The UV-Vis absorption spectrum of the as-synthesized bright greenish yellow aqueous silica NPs dispersion in water consists of two distinct bands: a strong band centered at 304 nm (major) and a weak band around 429 nm (Fig. 3a). This strong and broad absorption permits excitation over a long wavelength range26 as shown in Fig. 3b, which presents the emission spectra of the silica NPs in water using excitation wavelength from 300 to 360 nm. The emission undergoes red shift with increasing excitation wavelength. This shift may be due to the presence of emissive traps associated with the oxygen or amine functionalities on the silica surface.27 The highest emission intensity, centered at 410 nm, was recorded upon excitation at 310 nm (Fig. 3c). The estimated PL full width half maximum (FWHM) is about 105 nm. The PL QY of this silica NP excited at 310 nm is approximately 34.3%, which is the highest value reported so far for emissive silica NPs. The PL QY value is about 31.2%, 34%, 27.1%, 25.3%, 24.5% and 23.2% upon excitation at 300, 320, 330, 340, 350 and 360 nm, respectively (Fig. S3, ESI). The PL intensity is not influenced by changes in the pH of the medium from 1 to 14 (Fig. S4, ESI). The PL QY of silica NP remained constant over the entire range. The emission underwent a small red shift for samples at pH 1. The NPs are highly photostable. No photobleaching was detected upon UV irradiation (4 Watt, 365 nm) over an 8 h period (Fig. S5, ESI). The Commission Internationale de I'Eclairage (CIE) diagram shown in Fig. 3d, reveals the CIE coordinates (1931) x = 0.15262, y = 0.03345, corresponding to the blue region of the visible light. The origin of this blue luminescence is still a matter of debate as discussed in the next section.
image file: c6tb02813f-f3.tif
Fig. 3 (a) UV-visible spectrum, (b) normalized PL spectra at different excitation wavelength and (c) corresponding PL spectra of silica NP. (d) CIE diagram of silica NP, showing chromaticity coordinates of the sample.

3.3. Emission mechanism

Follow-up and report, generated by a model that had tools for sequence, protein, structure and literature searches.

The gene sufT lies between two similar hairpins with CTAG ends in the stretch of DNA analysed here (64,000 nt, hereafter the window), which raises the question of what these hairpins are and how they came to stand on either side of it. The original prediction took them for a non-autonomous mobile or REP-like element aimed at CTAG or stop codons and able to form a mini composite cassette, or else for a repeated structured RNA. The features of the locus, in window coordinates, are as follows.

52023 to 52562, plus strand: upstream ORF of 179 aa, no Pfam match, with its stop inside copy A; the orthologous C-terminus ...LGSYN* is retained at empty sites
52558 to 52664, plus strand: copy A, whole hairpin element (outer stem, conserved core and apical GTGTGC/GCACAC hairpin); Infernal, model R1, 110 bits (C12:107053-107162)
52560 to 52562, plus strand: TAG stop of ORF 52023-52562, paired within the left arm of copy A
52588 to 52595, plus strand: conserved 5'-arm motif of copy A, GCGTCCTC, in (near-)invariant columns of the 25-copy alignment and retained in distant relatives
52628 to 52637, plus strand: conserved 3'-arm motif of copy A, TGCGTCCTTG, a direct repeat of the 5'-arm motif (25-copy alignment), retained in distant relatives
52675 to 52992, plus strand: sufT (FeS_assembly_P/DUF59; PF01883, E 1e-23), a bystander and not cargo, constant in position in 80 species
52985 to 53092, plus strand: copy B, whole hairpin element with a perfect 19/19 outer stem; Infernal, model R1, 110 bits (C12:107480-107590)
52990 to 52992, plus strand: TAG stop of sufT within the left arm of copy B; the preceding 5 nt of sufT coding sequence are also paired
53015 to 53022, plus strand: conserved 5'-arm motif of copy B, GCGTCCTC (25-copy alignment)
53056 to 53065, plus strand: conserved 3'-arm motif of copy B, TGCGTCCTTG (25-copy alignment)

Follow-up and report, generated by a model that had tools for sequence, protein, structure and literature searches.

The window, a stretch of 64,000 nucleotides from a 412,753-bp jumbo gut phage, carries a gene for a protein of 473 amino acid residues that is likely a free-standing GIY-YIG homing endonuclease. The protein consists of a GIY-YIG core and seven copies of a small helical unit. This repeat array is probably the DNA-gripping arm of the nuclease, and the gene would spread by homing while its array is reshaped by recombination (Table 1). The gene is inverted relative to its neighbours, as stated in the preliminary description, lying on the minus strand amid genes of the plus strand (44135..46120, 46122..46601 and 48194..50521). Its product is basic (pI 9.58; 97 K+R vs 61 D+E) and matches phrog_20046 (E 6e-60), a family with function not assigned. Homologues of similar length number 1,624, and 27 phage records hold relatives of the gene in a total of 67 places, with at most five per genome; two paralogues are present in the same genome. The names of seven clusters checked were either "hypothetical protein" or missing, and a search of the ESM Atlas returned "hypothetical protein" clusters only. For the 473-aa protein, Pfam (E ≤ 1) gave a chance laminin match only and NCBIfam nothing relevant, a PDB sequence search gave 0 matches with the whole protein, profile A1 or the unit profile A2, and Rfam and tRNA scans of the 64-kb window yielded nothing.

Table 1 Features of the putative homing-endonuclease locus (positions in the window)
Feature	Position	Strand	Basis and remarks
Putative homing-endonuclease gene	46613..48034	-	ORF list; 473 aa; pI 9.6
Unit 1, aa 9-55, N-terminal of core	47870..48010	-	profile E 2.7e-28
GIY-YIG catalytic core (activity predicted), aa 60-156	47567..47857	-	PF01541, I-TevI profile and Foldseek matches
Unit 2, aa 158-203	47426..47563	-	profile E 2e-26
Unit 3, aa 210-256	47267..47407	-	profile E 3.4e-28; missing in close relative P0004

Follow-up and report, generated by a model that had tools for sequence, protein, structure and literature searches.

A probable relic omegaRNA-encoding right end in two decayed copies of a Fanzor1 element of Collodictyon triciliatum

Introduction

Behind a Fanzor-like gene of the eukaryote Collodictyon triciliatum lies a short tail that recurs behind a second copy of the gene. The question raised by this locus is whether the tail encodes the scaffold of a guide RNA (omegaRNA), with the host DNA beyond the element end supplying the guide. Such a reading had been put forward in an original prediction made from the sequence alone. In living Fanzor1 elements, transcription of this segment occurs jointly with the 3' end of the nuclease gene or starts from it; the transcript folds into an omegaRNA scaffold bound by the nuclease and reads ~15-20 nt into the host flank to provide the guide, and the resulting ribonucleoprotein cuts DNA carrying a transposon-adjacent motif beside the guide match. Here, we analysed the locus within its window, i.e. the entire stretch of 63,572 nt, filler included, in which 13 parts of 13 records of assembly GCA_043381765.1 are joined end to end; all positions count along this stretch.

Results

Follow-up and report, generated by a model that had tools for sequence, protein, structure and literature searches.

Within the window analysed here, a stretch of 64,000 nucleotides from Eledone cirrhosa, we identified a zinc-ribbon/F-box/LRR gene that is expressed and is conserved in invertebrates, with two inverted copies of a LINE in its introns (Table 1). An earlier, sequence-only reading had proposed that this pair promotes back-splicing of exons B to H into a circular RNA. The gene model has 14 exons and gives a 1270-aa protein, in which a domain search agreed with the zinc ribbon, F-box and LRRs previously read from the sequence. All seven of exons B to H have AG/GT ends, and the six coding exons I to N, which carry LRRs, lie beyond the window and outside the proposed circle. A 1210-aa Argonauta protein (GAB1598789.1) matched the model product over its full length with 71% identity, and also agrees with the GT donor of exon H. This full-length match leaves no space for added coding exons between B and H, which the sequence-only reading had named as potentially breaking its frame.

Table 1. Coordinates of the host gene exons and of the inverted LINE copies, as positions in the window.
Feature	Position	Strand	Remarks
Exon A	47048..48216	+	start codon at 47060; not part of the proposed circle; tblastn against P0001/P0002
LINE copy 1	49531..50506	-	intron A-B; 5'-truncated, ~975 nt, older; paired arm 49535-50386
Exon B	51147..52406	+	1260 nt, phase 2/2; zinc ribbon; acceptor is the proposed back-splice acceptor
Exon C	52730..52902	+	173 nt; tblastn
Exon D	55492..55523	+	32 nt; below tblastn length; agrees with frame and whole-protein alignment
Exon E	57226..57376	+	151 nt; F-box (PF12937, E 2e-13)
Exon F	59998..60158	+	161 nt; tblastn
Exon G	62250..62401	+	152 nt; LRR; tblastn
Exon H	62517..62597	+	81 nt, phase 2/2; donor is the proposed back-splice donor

In order to determine the origin of this blue emission, we have carried out an extensive photophysical analysis that included PLE spectroscopy, low temperature PL emission spectroscopy, and TCSPC lifetime decay analysis. Fig. 4a displays the normalized PL and PLE spectra of the silica NP obtained, respectively, with an excitation wavelength of 310 nm and an emission wavelength of 410 nm. The PL spectrum is centered at 410 nm and the PLE spectrum has a maximum at 308 nm, confirming that the broad emission band corresponds to the PLE excitation energy.28,29 The highest PLE intensity has been achieved with a 410 nm emission. The PLE intensity gradually diminishes as the emission wavelength increases from 410 to 450 nm (Fig. 4b), indicating that the PL efficiency is a linear function of the PLE excitation. Interestingly, the PLE spectrum remains centered at 308 nm (Fig. S6, ESI), irrespective of the emission wavelength monitored. Moreover the PLE spectra coincide well with the UV-visible absorption spectra of the NPs. The PL intensity of solid NPs deposited on quartz decreases with increasing temperature from 4 K to 298 K (Fig. 4c). Unlike the large red shifts in energy gap observed for crystalline particles,30 silica NPs exhibit a slight blue shift of 34 meV as the temperature passes from 4 K to 298 K. This shift is attributed to the enhanced interaction of electron–phonon scattering with increasing temperature.31 The result suggests that electron–phonon interactions and electron–surface defect scattering play an important role in the PL properties of the very small sized silica NPs, as discussed by Kwack et al.32 At high temperatures, several nonradiative channels are thermally activated due to the formation of surface trapping states caused by surface defects caused by impurities, such as carbon and oxygen atoms, and by the nitrogen centers on the surface.30,33,34 It has been reported that the structural disorder associated with the amorphous state enhances PL efficiency in amorphous particles.32,35 The PL lifetime decay profile of silica NP (Fig. 4d) was fitted to a bi-exponential function, with lifetimes τ1 = 3.97 ns and τ2 = 10.19 ns; the average life time is 4.27 ns. The local atomic distortions on the electronic structure due to the insertion of oxygen in amorphous silicon oxide are believed to be responsible for the high radiative recombination rate.36,37